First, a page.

Two Week Challenge

What’s the single most important ingredient in surviving a street fight?  Training, technique or presence of mind?

All three? I agree.  We need to train our muscle memory in order to learn how to move efficiently and effectively.  We need to train our bodies to endure, sustain and prevail.  We need to be mentally prepared for anything and have the focus to engage effectively and assess situations on the fly.

A friend asked, over dinner the other night, if I would do ok in a fight.  I have no idea.  I’ve been training my body to move and endure, my mind to stay focused and broad these past fourteen years, but I know the smallest thing can bring you undone in an instant.  I’ve seen experienced brawlers stumble on a crack in the footpath and come undone against a drunk with no fighting experience.  I’ve also seen tunnel vision get the better of supposedly experienced security as they weren’t looking for multiple attackers.  So how do we train for bad luck or uneven odds?

Meditation is the secret martial arts has to offer over the street fighters code of fearlessness and balls-out aggression.  We need to train for that too, but as students of kobudo, our ace up the sleeve lies in regular meditation.  It’s one thing to get your game-face on but quite another to broaden your awareness in the moment and use your peripheral vision, calm your breathing and assess the situation.  With regular meditation as part of our daily training we have much better odds of keeping our presence of mind during the heat of the moment.

I avoided a serious fight once due to remaining calm and focused in the face of a madman wielding a chisel at me through my car window (a longer story for another time), but in summary, he wanted an opponent to fight and wanted me to lose my cool and give him a reason to attack.  Perhaps lucky for me, I’d just left the dojo where we’d be training unarmed defense against a knife.  I doubt I would have come away unscathed, but to my advantage I was still in that zone of zanshin to some extent.  I didn’t rise to the bait, instead I remained resolute about having to defend myself if I had to but wasn’t going to give him an opening by puffing my chest in response to his threats.  In the end, my resolute and calm demeanour began to unnerve him.  I could see him beginning to assess me more closely and eventually he ran out of steam, or courage, or perhaps adrenaline.  A few minutes later as I drove away, my adrenaline kicked in and my leg wouldn’t work the clutch, my heart began to race and my breathing became shorter.  Without any training or meditation, all those bodily reactions could have occurred in the moment and I would have been in serious trouble.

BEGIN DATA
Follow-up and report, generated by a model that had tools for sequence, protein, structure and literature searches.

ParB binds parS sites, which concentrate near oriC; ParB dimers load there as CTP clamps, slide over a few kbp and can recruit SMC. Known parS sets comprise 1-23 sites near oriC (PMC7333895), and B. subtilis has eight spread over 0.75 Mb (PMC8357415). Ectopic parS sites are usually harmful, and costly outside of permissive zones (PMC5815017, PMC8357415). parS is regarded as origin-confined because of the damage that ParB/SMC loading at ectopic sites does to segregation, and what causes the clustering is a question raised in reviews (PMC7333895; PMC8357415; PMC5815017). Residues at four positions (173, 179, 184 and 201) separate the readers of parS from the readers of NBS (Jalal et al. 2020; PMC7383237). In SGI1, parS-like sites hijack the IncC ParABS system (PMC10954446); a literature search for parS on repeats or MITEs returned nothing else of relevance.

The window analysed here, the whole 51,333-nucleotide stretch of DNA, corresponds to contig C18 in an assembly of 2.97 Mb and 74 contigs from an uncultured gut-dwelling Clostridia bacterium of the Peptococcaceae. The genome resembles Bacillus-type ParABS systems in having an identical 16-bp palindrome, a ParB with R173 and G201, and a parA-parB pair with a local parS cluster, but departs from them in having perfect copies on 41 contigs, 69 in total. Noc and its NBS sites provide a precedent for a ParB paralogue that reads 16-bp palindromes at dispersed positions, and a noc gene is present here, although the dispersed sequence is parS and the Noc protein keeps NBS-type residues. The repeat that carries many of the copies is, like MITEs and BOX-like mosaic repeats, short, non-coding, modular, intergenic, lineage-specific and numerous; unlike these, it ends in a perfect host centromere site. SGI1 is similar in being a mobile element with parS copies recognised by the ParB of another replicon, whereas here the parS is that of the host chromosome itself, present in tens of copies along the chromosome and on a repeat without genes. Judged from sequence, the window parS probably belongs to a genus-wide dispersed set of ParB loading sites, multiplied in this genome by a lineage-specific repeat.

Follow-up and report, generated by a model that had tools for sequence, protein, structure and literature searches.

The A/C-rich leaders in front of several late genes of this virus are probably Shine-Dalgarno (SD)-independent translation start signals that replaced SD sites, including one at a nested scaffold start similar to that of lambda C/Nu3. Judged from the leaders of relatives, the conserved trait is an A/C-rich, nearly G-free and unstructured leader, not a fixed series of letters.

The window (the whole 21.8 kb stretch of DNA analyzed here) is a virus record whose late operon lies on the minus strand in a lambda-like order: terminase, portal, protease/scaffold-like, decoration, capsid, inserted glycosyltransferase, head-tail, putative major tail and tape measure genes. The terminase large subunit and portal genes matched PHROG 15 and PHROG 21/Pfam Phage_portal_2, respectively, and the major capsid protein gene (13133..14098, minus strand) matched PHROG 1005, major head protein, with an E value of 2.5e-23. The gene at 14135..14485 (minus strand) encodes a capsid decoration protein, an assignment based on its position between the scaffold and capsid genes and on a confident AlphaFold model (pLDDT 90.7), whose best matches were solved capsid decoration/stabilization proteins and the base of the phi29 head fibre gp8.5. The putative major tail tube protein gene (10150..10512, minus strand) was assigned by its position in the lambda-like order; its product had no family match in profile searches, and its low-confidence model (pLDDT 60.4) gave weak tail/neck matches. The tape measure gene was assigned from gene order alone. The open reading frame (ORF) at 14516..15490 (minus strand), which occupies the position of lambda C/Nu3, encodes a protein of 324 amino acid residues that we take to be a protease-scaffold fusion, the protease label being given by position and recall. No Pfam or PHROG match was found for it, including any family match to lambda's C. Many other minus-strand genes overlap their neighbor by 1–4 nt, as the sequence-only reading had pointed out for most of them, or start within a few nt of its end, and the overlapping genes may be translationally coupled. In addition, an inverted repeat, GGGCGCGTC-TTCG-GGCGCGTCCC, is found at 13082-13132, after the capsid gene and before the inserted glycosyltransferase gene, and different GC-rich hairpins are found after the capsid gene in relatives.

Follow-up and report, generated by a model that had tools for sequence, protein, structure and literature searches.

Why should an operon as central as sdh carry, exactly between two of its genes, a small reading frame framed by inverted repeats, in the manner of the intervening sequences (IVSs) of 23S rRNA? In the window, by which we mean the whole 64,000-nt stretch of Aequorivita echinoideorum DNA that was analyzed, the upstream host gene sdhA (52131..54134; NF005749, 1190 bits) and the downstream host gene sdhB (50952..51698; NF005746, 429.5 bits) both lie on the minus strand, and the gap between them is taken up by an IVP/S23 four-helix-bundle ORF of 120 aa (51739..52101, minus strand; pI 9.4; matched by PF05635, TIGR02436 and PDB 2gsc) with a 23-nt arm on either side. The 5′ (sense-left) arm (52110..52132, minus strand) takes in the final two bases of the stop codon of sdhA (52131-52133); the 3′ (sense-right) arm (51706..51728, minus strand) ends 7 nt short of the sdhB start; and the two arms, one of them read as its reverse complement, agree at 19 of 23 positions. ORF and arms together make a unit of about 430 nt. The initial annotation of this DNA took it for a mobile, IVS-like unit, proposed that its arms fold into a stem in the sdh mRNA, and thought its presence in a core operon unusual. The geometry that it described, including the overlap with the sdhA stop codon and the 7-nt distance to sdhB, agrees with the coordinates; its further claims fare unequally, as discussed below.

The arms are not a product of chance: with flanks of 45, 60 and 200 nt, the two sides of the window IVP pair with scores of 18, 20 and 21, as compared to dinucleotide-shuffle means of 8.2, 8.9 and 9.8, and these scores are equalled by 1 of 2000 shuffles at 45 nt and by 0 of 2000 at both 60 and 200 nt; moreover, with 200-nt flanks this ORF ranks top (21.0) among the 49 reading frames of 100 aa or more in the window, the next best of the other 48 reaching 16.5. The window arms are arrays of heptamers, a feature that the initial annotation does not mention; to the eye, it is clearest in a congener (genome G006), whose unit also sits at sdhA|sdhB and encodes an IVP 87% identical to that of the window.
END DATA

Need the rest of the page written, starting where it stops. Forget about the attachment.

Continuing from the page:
You may disagree and see sitting on your arse and focusing on your breath as something a little too airey fairey?  Yet, here’s no denying the medical and psychological benefits that meditation has and there’s a plethora of documentation out there to back this claim up.

My first martial arts teacher told us that with consistent meditation, our perception of time slows in the moment.  I was sceptical at first, but whenever I’ve strung some good solid months of meditation together, that statement proved itself to be true.  It’s not that the world magically slows down and we can see with super-human clarity.  It’s our nervous system running smoother and more efficiently.  Our brain has more time to process what we see, predict and strategise movement all in the moment.  Training zanshin during keiko also helps us utelise this important function of the brain.  When we are in that calm but focused state during combat, the same clarity and strategies of movement will adhere to our muscle memory and cerebral processing.

There’s nothing more unnerving than an opponent who appears resolute and unperturbed by the outcome of impending violence.  Chances are that an opponent like this is highly unlikely to be shocked or taken unawares either.  Their presence of mind is like a still pond, reflecting only the reality in front of them, not filled with all the fears, scenario building or bravado that might be attributed to the martial artist who does a lot of kata but no meditation.

So, meditate much?  Try just 10 - 20 mins a day either in the evening or better yet, in the morning, and see if you feel any different after a couple of weeks?  I guarantee you won't flinch on the mats or startle so easily if a car backfires on the street.  Better yet, your presence of mind in just about any situation will be calmer and better able to handle a stressful situation.

Try it and let me know if I'm wrong...

Sessa Takuma


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